Jay and Silent Bob Strike Back

Jay and Silent Bob Strike Back

Of course Jay and Silent Bob Strike Back is a spin-off from Kevin Smith’s Clerks movies, moving the goofy drug dealers Jay and Silent Bob (Smith himself) into the featured roles.

Jay is only barely distinguishable from Randal from Clerks, so he can be funny in the same way, though I think Randal is marginally better. Silent Bob’s shtick of not talking is funnier when these guys are supporting characters; when they’re the focus of the movie it gets tiresome. Smith really just isn’t that talented at the physical comedy and such necessary to bring out the best in the character. He tries—mugging and gesticulating for the camera—but Harpo Marx he ain’t.

The movie brings together the majority of the people from the Clerks movies, including brief appearances by Dante and Randal themselves, folks from other of Smith’s movies, and a surprising number of recognizable stars. None of them seem to be taking it seriously; one gets the impression a lot of stars who like Smith’s movies agreed to drop in and have a little fun with this.

From the first few minutes it’s apparent the movie isn’t even going to make a token effort to be realistic, which I sort of liked and sort of didn’t. On the one hand, a lot of mainstream comedies pretend to make sense or to have some story worth following when really they don’t, and I figure it’s better just to drop the pretense and string together gags. On the other hand, if the laughs occur in the context of a story where you care about the characters and the plot (as Clerks tried to do and succeeded, and Clerks II tried to do and only minimally succeeded), then there’s obviously more substance and more to admire about that kind of movie than this one.

I definitely got some laughs out of the movie. Maybe I shouldn’t admit it, but I laughed most at the gutter language insults and such of Jay. Some of them are so stupid and over the top that I couldn’t help but bust up.

As I say, the story never does become realistic. However, it does become more prominent, which is unfortunate, because it is not the slightest bit funny or interesting. Early on, when the film has a greater proportion of gags and Jay’s obscene rants is when it’s funniest. When it’s focused more on moving the plot along and having big action scenes and such, it’s just dull, sometimes painfully so.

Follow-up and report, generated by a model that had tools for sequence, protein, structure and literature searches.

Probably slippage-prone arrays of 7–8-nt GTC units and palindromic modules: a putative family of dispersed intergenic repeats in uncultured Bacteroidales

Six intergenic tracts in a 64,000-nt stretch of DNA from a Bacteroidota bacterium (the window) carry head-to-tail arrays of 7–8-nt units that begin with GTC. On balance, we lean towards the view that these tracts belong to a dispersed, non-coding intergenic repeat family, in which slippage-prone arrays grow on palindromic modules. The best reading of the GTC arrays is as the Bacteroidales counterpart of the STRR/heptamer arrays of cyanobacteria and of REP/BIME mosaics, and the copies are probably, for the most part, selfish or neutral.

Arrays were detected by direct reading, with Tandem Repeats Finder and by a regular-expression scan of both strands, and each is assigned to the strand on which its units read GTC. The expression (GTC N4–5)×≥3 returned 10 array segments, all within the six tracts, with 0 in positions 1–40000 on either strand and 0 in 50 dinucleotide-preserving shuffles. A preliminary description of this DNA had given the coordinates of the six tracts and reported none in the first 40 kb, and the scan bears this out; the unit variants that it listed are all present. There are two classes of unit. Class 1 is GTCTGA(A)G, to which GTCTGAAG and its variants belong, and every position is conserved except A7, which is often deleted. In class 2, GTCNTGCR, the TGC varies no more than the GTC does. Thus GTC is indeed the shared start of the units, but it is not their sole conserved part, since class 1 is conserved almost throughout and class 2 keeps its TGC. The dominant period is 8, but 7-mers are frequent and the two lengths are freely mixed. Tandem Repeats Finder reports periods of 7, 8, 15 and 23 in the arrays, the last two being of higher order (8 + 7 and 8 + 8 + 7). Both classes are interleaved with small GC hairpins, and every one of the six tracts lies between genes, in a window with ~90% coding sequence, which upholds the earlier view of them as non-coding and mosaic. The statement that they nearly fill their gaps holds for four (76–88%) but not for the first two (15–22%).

And the types of humor available for these characters are quite limited, so even the humor gets stale the deeper you get into the movie. I was rooting for the end to hurry up and arrive for at least the last half hour.

By the way, there are a great number of movie and pop culture references played for humor, and I only got some of those. Probably I got a lot fewer than most viewers will.

So, I laughed at some of the outrageousness of the language (and I did like the idea of two guys flying all over the country to beat up any anonymous dweebs who’d criticized them on Internet posting boards), and it was kind of fun to see Jon Stewart, et al, enjoying themselves goofing off with this material (oh, and George Carlin’s ridiculous cameo is probably the funniest of the lot), but it’s really not a good movie. There are enough quality laughs for a solid five or ten minute short, but most of this movie is just dumb and boring.

Once again Kevin Smith falls way, way short of making another movie I’ll like as much as Clerks.

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